At the municipal level this is easily explained. As cuts are made to departmental budgets involving things like trash removal the only way to maintain services at an acceptable level is to cut middle management, oversight. As oversight disappears human frailty is exposed and weak points in the system can be exploited for personal gain. Simply to say that a particular program contains a certain percentage level of “waste, fraud, and abuse”, then to cut the program’s budget by that amount does nothing to eliminate that waste, fraud, and abuse. It would take more in the way of funding to identify exactly where money is being wasted, and then to follow up to ensure that the waste is eliminated, and then to maintain oversight to see to it that it both doesn’t return and isn’t replaced by worse abuse.
Milton Friedman was right. There is no such thing as a free lunch. Giving government less money means that government can do less, and will do it less well. It’s ironic that the people who clamor for consequence free tax cuts are usually avowed Friedmanites.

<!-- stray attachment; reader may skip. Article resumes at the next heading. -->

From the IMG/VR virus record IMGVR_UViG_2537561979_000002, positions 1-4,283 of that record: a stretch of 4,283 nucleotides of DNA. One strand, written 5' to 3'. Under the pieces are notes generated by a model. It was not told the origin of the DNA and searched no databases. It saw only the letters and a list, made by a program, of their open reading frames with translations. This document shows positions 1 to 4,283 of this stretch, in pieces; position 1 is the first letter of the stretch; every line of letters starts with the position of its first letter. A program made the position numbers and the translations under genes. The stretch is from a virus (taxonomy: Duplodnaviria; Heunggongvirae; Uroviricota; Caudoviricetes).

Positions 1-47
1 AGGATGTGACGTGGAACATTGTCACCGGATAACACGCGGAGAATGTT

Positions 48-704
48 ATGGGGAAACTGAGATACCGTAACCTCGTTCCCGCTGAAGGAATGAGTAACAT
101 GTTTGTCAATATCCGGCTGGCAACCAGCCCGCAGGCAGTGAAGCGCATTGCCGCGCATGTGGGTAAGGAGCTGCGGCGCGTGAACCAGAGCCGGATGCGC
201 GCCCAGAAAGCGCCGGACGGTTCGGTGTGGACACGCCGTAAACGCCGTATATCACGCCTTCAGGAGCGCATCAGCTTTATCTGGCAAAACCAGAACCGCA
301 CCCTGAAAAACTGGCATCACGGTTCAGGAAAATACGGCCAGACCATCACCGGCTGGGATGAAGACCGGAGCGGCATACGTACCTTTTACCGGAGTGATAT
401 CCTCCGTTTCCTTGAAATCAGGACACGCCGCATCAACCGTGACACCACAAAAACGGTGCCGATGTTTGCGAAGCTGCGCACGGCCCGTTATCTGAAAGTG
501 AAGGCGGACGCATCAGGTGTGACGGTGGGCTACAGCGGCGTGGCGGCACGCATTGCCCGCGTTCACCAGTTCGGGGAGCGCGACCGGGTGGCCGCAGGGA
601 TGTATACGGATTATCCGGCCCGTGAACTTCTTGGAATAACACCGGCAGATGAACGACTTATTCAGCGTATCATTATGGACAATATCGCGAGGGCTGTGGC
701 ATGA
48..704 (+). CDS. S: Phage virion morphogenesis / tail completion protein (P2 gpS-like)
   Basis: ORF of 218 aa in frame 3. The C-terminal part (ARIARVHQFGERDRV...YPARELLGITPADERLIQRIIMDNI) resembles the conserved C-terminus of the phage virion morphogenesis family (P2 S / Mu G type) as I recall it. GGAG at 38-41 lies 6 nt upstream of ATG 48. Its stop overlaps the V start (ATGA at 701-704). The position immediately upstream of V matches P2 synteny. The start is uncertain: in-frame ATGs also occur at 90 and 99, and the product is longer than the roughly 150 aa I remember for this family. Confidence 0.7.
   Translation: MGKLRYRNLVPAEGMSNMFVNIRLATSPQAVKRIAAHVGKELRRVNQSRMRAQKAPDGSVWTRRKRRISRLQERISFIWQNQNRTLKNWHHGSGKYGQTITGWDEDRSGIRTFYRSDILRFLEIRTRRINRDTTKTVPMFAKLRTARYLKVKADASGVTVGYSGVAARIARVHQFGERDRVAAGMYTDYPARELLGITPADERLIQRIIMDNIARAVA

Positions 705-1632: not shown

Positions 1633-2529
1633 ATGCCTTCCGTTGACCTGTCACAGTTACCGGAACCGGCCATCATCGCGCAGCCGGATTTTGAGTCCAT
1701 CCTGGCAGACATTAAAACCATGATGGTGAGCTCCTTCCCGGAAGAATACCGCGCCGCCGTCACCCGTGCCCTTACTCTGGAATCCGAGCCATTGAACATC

Speaking ideologically, it is clear to me that people living in theoretically democratic societies have every right to determine what level of government intervention they want in their lives. The beauty of the federal system we have in the United States of America is that the people of Massachusetts can choose to be a higher tax, higher service state, and the people of Louisiana can choose to be a low tax, low service state.
What I find ridiculous and infuriating is the degree to which people believe that there is no connection between the level of taxation and the level of services. The rate of general taxation in our society is low by both historical and international standards AND we spend as much on the military as every other nation on earth combined, where do we think the money is going to come from to pay for the services we want?